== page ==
"It doesn’t matter how much you train, or how much you prepare, injuries are going to happen, especially if you're an athlete," says Jamie Schwab, an athletic trainer at Henry Ford Health System. "But the real trouble arises when athletes try to play through their pain without allowing sufficient time for recovery."
Risks Of Returning Too Soon After Injury
If you sprain your ankle during a cross country run, it can be tempting to finish the race. Unfortunately, hiding your pain and powering through the activity can actually make matters worse.
"If you continue to work out after suffering from an injury, you run the risk of furthering that injury," Schwab says. So what began as a minor ankle sprain can evolve into a major sprain that sidelines you for weeks.
Returning to play after surgery demands extra precautions. "Athletes are a lot more susceptible to re-injury after returning from surgery, especially if they don't complete the entire 9-month or year-long rehabilitation protocol," Schwab says. In some cases, you can exacerbate an injury to such a degree that you'll never be able to participate in the same capacity.
A Safe Return To Play
The road back to play after an injury is a long and winding one. Before you can even consider returning to exercise, you need to reduce swelling, get pain under control and get your range of motion back to almost normal.
"The recovery process takes time," Schwab says. "But if you stick with it, and you take it seriously, it's going to be a whole lot easier for you to return to the playing field in a timely manner."
Once you get pain and swelling under control, you can focus on agility and weight exercises that will help you regain strength and slowly return to baseline. The key tenets for a safer return to play:
► Be honest about your abilities: "So many athletes are afraid to tell the truth," Schwab says. "But if you're hurting and you're not competing at your full potential, you're letting your team down and yourself down, too." Even worse, you could increase your risk of further injury.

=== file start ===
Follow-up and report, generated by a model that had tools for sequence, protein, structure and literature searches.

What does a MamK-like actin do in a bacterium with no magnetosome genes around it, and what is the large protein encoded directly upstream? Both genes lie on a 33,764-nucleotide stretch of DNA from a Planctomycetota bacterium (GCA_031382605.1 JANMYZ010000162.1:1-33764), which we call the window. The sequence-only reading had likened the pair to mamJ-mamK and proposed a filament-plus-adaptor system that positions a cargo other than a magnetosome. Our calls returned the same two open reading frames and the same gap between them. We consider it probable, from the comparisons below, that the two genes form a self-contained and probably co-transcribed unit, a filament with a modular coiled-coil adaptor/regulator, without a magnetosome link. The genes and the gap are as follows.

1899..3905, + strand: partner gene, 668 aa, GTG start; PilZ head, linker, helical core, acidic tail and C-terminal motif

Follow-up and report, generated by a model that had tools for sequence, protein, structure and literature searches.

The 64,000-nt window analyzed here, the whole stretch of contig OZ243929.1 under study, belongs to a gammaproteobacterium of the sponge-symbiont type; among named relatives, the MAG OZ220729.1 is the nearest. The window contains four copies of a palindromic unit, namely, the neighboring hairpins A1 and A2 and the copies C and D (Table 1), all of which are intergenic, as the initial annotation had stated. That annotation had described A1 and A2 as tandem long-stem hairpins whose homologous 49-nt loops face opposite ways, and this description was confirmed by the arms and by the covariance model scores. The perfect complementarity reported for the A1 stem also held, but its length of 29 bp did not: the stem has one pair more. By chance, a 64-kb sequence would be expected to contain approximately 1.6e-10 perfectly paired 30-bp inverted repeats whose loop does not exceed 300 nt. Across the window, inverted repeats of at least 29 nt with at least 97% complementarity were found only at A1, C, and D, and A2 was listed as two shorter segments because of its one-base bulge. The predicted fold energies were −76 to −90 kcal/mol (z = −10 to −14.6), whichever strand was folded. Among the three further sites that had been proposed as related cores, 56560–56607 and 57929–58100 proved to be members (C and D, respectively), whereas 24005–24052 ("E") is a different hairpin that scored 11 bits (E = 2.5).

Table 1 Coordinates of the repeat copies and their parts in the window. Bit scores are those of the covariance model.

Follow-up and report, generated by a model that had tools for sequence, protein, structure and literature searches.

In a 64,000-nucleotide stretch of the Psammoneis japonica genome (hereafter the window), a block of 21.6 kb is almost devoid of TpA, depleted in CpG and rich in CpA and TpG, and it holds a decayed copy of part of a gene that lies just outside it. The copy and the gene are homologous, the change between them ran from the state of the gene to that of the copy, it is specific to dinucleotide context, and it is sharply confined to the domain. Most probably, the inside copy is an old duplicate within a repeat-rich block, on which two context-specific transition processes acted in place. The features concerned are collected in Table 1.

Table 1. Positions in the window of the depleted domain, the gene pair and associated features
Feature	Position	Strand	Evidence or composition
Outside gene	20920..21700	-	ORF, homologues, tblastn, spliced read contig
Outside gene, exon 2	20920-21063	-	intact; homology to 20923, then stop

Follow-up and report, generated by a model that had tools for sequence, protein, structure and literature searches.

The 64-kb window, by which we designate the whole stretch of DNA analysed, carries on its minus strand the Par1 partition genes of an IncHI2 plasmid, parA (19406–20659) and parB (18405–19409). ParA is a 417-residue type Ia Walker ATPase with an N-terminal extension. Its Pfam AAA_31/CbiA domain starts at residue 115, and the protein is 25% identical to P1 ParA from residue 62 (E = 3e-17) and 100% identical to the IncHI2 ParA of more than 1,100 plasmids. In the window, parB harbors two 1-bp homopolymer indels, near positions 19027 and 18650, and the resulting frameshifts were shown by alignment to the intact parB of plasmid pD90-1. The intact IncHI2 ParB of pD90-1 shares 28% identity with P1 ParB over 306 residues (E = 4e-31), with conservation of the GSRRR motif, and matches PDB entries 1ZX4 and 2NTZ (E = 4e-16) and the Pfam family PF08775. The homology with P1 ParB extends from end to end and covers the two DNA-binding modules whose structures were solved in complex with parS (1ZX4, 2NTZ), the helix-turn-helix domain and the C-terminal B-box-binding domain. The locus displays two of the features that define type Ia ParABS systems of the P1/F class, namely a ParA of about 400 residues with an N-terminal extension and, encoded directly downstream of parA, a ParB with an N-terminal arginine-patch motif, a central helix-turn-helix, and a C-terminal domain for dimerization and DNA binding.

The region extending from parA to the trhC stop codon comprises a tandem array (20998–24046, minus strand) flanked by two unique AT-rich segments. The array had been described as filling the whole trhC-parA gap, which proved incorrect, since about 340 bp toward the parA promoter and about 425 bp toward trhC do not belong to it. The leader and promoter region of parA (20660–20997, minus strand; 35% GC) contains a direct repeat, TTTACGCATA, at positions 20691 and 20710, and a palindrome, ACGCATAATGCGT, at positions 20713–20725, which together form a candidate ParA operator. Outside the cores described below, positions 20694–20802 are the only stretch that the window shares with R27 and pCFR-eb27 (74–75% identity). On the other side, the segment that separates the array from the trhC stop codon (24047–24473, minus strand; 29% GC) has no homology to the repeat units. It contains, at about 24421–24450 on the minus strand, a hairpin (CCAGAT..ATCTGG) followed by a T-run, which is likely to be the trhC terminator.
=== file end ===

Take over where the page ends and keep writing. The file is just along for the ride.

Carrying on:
► Focus on building strength: Strength training is critical. It can help you become faster, stronger and more agile on the field. It can also help you recover more quickly after an injury.
► Listen to your body: If something doesn't feel right, pay attention to it. Talk to your athletic trainer or a physical therapist to get to the bottom of what's bugging you and put a plan in place to address it.
Boosting Performance Over The Long Haul
Unfortunately, not every coach and athletic trainer stresses the importance of a maintenance program. In fact, focused training and maintenance exercises are key to preventing injuries in the first place.
"The rehabilitation exercises you begin doing on day one after injury need to be maintained at least three to four times each week, indefinitely," Schwab says. "If you follow that regimen, all of your muscular nagging strains will no longer be a problem because your body is constantly adapting to the stresses. It's conditioned, it's strong, it can withstand the constant changes in direction."
Most importantly, don't be afraid to try complementary strategies. Practice using a foam roller, try cupping to release tension in the muscles and enhance blood flow and consider getting a monthly massage.
Jamie Schwab, AT, ATC, SCAT, CSCS, is an athletic trainer with Henry Ford Sports Medicine and works with student athletes at Edsel Ford High School. She is a National Strength and Conditioning Association-certified strength and conditioning specialist.
To find a sports medicine doctor or athletic trainer at Henry Ford, visit henryford.com/sports.